"It seems to me a blatant abuse of redistricting to come from Glocester through Burrillville to my house on Victory Highway in North Smithfield," Kelly said. "I wonder what their position would be if I told them I moved over two streets -- would they want to reconfigure the maps again?"
Some senators are being protected while others are not, Kelly said. "I get suspicious when I see people who were on my leadership team running against other incumbents," he said. "The problem is these lines are drawn for the next 10 years, and I fear from what I've seen so far, I don't think this can stand the test of time, or a lawsuit. With downsizing, people should have been a little more statesmanlike because people in office now will be gone in 10 years."
But Sen. Thomas J. Izzo, the Health Education and Welfare Committee chairman under Kelly, said, "I really don't believe there is a purposeful retaliation against Kelly folks. There seems to be a number of folks from each camp paired with each other. A lot of it is geography."
Izzo, D-Cranston, would not face another incumbent under either Senate plan.
Irons, D-East Providence, is adamant that Kelly's supporters are not being punished. "There are no targets; there are no agendas," he said. "Some Kelly people have opponents; some Irons people have opponents, so it cuts both ways. It fell out the way it did because of geography and population."
Irons emphasized that his leadership victory was rare because he came from within Kelly's leadership team and he was elected in a unanimous vote when the battle was over. He said that gives him an uncommon opportunity to redistrict without trying to punish one team. "We have no split, no faction," he said. "Right now there is a great degree of collegiality, and we went for eight years with tremendous discord and rancor (under Kelly)."
Irons pointed out that the prevalent map would put key Kelly supporters -- such as Izzo, Sen. Elizabeth H. Roberts, D-Cranston, and Sen. J. Michael Lenihan, D-East Greenwich -- in districts with no other incumbents. Yet, he noted, that map would put Sen. Catherine E. Graziano, D-Providence, chairwoman of the Health Education and Welfare Committee, in the same district as Sen. Maryellen Goodwin, D-Providence, chairwoman of the Special Legislation Committee.
"If people chose to ignore that, they have an agenda that doesn't respect what really has gone on," Irons said. It's unprecedented to have two committee leaders who are key parts of the leadership team pitted against each other, he said.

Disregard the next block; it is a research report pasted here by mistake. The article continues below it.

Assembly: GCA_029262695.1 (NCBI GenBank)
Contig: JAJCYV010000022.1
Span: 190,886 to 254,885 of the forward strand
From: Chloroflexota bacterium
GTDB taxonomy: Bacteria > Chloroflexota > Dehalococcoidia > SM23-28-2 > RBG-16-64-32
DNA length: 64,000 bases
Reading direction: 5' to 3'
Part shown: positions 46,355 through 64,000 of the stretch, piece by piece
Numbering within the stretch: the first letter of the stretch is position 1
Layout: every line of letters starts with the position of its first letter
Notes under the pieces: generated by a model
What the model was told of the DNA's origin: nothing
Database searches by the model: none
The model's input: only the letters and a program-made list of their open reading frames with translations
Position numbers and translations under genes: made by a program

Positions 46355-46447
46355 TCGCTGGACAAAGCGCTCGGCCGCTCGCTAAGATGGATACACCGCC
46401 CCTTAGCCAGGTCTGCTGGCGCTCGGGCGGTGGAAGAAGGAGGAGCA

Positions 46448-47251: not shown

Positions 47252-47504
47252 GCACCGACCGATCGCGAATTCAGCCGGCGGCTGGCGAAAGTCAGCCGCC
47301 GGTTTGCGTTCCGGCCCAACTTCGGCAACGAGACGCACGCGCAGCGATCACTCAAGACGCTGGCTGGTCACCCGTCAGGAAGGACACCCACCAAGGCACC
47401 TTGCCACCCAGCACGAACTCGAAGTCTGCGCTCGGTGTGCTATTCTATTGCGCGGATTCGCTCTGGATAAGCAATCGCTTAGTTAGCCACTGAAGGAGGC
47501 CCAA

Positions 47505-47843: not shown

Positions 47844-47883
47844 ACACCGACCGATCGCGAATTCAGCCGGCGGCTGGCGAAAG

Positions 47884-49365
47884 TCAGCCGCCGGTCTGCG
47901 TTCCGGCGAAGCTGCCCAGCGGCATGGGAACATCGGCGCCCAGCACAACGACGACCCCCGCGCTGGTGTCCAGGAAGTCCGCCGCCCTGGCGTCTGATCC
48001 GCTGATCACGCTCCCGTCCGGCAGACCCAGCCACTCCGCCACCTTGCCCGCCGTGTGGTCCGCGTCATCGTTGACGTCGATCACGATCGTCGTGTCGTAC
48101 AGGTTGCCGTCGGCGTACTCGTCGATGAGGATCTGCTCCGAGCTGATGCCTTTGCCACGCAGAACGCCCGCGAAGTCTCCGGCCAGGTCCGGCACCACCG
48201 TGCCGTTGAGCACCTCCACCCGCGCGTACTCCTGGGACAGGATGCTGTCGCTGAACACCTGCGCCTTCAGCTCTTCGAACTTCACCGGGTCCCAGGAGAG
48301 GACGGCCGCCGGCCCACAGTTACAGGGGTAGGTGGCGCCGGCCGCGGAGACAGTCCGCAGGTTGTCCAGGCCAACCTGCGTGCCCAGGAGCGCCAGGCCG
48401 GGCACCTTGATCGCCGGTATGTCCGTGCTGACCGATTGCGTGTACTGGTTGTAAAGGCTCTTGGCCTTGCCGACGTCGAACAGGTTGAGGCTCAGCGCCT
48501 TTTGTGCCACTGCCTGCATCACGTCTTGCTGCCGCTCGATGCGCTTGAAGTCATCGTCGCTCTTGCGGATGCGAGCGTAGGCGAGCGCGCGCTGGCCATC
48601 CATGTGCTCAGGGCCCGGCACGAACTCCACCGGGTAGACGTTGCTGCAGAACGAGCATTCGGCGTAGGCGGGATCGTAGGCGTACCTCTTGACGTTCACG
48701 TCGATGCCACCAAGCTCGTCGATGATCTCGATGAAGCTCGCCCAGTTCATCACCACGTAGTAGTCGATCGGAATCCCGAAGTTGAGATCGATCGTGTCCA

Regarding Kelly's district, Irons said that when the redistricting commission put Burrillville and Glocester together, it still needed a bit more population for a full district, so it added Kelly's section of North Smithfield because Kelly already represents part of Burrillville.
SEN. JOSEPH A. Montalbano, D-North Providence, the redistricting commission vice chairman, noted that only one of the four Cranston senators supported Irons in the leadership battle -- Sen. Aram G. Garabedian -- and both Senate maps would give Garabedian an incumbent opponent -- Sen. Hanna M. Gallo. "That shows how confident he is that he has brought the Senate together," Montalbano said of Irons.
Sen. William Enos, Kelly's majority whip, contended that Irons and his team are trying to put together a redistricting map that makes them feel comfortable. "But I don't blame them," he said. "If he made it comfortable for someone else's team, he wouldn't be the leader."
"All is fair," Enos said, "in love and war and politics."
Enos, D-Tiverton, would face Sen. June N. Gibbs, R-Middletown, on one map, or another Kelly supporter, Sen. Walter S. Felag Jr., D-Warren, on the other map. Enos now represents all of Little Compton and Tiverton and part of Warren. But under each Senate plan, parts of his current district would be linked with Middletown, on the other side of the Sakonnet River. Enos warned that Little Compton and Tiverton could wind up without a senator living in either town.
West blasted the proposed Senate district as "The Sakonnet Swim." Irons noted Enos's current district jumps from Tiverton to Warren, calling it "The Touisset Trek."
ON THE HOUSE SIDE, Harwood, D-Pawtucket, said he has not been involved in the details of the proposed maps. "I've stayed clear of it," he said. But what about Levesque's district? "I don't know where he lives," he replied.